Yahoo Sports spoke briefly with UFC president Dana White on Monday, five days after the statement was released. In response to a call from Yahoo Sports looking for information on Eye's situation, White said, "I'm just being made aware of this now."
He then said he was planning to call Eye.
The UFC had an interest in clearing this up because it wants (or should want) to remove the stigma that it condones fighters failing drug tests or using performance-enhancing drugs.
When former welterweight champion Georges St-Pierre said the lack of strenuous drug testing in the UFC hastened his decision to take a sabbatical, UFC CEO Lorenzo Fertitta claimed otherwise.
After Yahoo Sports first published a story on St-Pierre's comments, Fertitta phoned back and made further comments, going farther in an anti-drug testing stance than he'd ever gone before.
He said the UFC had offered to pay for any and all additional drug screens that the Nevada Athletic Commission wanted for St-Pierre's bout with Johny Hendricks.
Even more, Fertitta told Yahoo Sports that the UFC embraces regulation and has told commissions that it would pay to have any fighter it has under contract tested at any time. He said that offer would include as many fighters as the commission would want and said it would cover any test, including Carbon Isotope Ratio testing.
Yahoo Sports contacted Francisco Aguilar, the new chairman of the Nevada Athletic Commission, who said Fertitta had indeed made such an offer.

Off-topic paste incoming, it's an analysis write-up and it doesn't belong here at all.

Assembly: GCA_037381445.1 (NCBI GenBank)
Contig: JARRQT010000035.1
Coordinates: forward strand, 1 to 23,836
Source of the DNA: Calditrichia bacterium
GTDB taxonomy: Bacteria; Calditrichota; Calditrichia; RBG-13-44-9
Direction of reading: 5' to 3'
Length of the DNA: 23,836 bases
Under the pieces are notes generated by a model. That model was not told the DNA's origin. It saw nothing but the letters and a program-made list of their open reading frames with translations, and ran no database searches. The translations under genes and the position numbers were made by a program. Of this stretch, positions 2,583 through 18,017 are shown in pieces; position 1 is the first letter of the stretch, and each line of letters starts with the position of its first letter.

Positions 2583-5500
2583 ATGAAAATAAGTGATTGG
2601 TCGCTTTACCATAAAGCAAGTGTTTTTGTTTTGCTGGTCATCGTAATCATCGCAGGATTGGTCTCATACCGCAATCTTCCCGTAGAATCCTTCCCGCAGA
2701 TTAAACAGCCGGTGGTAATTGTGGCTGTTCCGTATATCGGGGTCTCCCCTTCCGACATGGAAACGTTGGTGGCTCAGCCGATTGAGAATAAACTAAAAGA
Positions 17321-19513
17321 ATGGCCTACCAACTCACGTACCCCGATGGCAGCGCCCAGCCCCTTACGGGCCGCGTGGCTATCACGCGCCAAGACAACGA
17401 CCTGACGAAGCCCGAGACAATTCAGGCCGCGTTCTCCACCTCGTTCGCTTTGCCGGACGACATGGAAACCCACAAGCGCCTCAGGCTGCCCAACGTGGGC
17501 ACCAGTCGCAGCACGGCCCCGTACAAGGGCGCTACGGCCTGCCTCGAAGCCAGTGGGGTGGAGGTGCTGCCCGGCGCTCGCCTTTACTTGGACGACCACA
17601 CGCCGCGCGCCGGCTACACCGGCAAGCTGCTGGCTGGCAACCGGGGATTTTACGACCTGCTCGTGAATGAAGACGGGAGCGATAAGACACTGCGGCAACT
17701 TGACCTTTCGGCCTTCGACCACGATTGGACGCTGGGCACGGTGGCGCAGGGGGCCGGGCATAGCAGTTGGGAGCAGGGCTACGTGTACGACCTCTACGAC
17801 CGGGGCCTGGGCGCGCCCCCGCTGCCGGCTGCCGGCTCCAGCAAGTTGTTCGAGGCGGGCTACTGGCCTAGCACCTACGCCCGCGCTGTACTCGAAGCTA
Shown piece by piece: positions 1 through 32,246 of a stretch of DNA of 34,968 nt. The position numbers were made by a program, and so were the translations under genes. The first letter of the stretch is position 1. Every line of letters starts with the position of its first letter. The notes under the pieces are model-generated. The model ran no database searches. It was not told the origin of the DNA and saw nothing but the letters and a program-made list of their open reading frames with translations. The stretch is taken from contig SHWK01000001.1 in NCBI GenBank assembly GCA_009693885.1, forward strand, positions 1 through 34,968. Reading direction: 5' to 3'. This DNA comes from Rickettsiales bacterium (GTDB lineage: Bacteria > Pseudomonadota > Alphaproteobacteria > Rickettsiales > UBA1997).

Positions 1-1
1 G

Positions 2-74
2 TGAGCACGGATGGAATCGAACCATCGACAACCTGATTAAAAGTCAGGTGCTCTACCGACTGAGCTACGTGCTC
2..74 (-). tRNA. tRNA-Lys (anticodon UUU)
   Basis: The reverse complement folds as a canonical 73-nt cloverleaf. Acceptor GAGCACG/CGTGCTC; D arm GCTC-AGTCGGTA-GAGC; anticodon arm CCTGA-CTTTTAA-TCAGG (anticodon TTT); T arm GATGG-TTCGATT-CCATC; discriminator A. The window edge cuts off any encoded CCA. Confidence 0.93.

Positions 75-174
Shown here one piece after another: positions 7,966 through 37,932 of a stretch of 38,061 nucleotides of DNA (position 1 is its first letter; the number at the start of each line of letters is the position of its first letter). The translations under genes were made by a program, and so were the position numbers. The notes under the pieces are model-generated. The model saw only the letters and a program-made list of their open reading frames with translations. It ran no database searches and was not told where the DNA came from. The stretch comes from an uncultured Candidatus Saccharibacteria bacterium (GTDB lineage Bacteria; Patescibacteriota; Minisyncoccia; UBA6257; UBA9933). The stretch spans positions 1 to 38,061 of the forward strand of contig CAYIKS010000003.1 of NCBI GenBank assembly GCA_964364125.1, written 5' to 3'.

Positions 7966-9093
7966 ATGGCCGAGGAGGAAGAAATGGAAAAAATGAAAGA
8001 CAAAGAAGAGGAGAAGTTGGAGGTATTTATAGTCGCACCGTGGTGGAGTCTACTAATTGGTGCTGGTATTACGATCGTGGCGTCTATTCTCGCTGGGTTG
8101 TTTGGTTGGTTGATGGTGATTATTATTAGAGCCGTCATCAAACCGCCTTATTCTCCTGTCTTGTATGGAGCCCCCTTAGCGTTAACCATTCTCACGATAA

"The UFC has been phenomenal to work with in regard to the enhanced testing of the athletes we're looking to do," Aguilar said. "All that has ever been communicated to us from Lorenzo, Lawrence [Epstein, the UFC's chief operating office] and Marc [Ratner, its vice president of regulatory affairs] is that they're in favor of testing. At no point has the UFC ever pushed back on any testing request we've made. We just did an enhanced testing program with Travis Browne and Josh Barnett for their fight [in December at UFC 168] and the UFC was fully supportive and did what we asked.
"Not only haven't they pushed back, they've been the opposite. They've told us they've been open to any and all testing and would gladly pay for whatever tests we wanted to do."
Rarely, though, does the UFC speak out that strongly in favor of drug testing and against PED usage. In the Eye situation, it was a minor situation that most people don't even regard as a problem.
Instead of offering a vague statement that did nothing to clarify the situation, the UFC should have been more transparent and gotten in front of this issue.
The biggest culprit, though, is Eye. She taunted reporters looking into the issue via her Twitter account and during an interview on Ariel Helwani's The MMA Hour on Monday, she blatantly lied in an answer to one question and was deceptive in her answers about others.
At the 1:11:54 mark, Helwani asks, "So, let's figure this out. When did you find out that the Texas Commission had an issue with you stemming from your fight at UFC 166? How did they notify you of this?"
According to documents in this report by Damon Martin of Fox Sports, Eye was notified by the Texas commission of her positive test result on Nov. 26. She signed a settlement order, agreeing to a small fine and a one-year probation, sometime on or before Jan. 15, 2014. Eye signed but didn't date the document; however, Texas officials stamped it as received on Jan. 15, 2014.
That was more than two weeks before reports began to surface that she'd failed a drug test.